So the greater “cost per book” will have been offset by cutting out the wholesaler, warehouser, distributor, and any other middle man I’m not aware of. I know other authors have been using these advantages for a while, but for me, it’s like the light just went on. I’m proud of the jobs the offset printer did for me, but I’m proud of the book package LSI does also and the paradigm works so much better for me. As of today, I have paid roughly $230.00 in interest over the last four months on my books printed by an offset printer. For that sum, I could order roughly 40 books from LSI and more than double my money on each. Okay, I left out the shipping, but you get my drift.

Oh yes, and that “double my money” part. That means I have to get out there and sell them. I do that primarily at craft fairs. I’ve got an article on my website highlighting how well that’s working for me. It’s work, for sure.

Given that, my next great quest is my online presence, which will be my focus for the next month. My mentor is John Locke (he doesn’t know it), author of How I Sold 1 Million eBooks In Five Months. I’ve read it twice. I always knew it was about finding my audience; I was just never sure how to go about it. Now I have a starting point. Check him out. Oh, and if you do, I’m reading his first western—it’s pretty darn good!

Thanks for reading,


Saturday, April 7, 2012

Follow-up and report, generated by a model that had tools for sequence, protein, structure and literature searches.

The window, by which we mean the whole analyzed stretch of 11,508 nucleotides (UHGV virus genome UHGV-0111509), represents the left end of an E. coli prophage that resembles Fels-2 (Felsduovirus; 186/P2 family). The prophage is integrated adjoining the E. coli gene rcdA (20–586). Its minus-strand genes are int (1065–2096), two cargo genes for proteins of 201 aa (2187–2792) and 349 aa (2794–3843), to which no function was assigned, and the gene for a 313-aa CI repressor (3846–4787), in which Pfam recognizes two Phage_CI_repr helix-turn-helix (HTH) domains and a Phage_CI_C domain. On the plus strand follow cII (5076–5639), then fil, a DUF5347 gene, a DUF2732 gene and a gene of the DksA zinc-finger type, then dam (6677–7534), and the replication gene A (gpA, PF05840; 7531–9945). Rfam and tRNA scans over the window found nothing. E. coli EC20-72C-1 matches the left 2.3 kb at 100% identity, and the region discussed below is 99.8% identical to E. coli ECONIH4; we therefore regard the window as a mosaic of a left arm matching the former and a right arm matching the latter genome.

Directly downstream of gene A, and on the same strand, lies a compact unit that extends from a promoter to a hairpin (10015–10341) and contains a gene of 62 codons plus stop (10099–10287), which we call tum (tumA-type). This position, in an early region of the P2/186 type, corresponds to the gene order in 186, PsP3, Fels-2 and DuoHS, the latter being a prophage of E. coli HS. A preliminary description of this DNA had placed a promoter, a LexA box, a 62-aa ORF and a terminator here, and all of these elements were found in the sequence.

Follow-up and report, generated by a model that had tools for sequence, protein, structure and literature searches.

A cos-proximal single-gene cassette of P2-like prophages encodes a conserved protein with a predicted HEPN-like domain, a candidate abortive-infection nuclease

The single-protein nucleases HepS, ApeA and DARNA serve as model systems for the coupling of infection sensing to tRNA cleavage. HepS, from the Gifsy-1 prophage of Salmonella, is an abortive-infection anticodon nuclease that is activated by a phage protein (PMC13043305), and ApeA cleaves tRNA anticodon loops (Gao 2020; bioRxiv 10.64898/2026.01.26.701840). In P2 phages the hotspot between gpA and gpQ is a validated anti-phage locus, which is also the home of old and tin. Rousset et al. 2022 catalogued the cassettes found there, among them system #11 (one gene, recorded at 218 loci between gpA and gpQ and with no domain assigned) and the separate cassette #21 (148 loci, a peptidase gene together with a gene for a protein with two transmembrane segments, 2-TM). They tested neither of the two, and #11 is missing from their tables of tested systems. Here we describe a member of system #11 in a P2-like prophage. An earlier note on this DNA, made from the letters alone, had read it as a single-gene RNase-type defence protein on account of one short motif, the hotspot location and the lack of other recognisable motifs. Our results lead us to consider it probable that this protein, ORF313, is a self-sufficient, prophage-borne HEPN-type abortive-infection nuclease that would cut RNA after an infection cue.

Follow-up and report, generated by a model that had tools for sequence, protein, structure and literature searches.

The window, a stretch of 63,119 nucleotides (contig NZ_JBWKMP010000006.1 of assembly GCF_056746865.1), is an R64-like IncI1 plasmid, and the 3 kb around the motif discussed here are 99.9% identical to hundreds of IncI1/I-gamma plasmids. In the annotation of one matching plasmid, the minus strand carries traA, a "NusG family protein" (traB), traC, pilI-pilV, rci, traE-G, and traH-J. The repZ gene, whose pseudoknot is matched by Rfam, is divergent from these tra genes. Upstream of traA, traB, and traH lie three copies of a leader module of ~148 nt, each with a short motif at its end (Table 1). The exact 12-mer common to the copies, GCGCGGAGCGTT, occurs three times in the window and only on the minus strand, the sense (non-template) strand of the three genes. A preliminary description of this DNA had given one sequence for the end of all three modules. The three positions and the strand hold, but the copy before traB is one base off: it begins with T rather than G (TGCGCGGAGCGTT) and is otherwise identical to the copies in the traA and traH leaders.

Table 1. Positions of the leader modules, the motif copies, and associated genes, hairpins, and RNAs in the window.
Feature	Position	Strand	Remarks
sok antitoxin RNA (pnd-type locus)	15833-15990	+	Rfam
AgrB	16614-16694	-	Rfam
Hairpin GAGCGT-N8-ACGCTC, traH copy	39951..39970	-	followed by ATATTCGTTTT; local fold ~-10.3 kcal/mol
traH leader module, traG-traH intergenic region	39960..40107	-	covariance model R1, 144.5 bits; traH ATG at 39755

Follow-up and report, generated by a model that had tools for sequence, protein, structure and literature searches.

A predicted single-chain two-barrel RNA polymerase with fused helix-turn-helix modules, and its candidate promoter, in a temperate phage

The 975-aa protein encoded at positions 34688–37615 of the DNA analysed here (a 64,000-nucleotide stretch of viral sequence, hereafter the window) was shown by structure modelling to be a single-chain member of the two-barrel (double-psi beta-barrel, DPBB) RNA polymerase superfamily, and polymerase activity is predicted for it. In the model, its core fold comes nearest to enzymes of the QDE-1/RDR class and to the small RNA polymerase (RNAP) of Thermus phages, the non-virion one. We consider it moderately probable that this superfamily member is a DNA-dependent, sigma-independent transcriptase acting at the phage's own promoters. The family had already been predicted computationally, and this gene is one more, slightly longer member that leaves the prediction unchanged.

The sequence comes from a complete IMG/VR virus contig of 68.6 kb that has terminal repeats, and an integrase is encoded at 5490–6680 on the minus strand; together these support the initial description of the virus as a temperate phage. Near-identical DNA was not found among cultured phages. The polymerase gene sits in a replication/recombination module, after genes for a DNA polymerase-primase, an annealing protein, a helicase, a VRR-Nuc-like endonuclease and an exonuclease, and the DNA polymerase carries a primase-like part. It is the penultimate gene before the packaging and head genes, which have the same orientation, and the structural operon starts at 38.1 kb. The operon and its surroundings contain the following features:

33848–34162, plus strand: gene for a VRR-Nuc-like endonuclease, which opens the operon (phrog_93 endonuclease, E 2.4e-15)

The Changing Face of Distribution

Over the years, fellow self-publishers have cited distribution as the self-publishers biggest drawback, and today, traditional distribution is as pie-in-the-sky for a self-published author as it’s ever been. But, again, I knew the odds did not favor my getting a major distributor (and given the size of my print run, what would I have done with one anyway?). I was content to limit my market to Mississippi and eventually the states making up the old Confederacy. I did hope for a regional distributor. As it turned out, I was my sole distributor.

When I wrote my first business plan six years ago, my first stated annual goal was to pay off the print run of my then current book (and it followed, in theory, to pay off each “current” book annually). Today, I’m in debt with three books printed by an off-set printer, because I never met my first annual goal--or met that goal in any of the years following.

In addition to my annual goal, I stated two objectives:

(1) Produce a new title each year
(2) Increase my print run by 50% (from 2000 copies to 3000 copies for each new title)

I didn’t give a timeline on point (2). Of course, any incremental increase would have been linked to a growing readership. Well, my readership is growing, but not enough to increase my print run annually, but more to move what I already have on hand. I do still believe that my old books (and their critical ancillary readership) will help sell my new ones and my new books will help sell my old, but that takes time, and I’m not sure how much having a “real” distributor would have changed that.

A distributor must be provided books to distribute. I talked—or tried to make contact with—two regional distributors back in 2006. I was never sure, but I think they were the same distributor (over in Louisiana), which had started out under one name, folded, then began anew under a different name. Whatever, numerous calls were never returned and I never made contact with anything but the answering machine.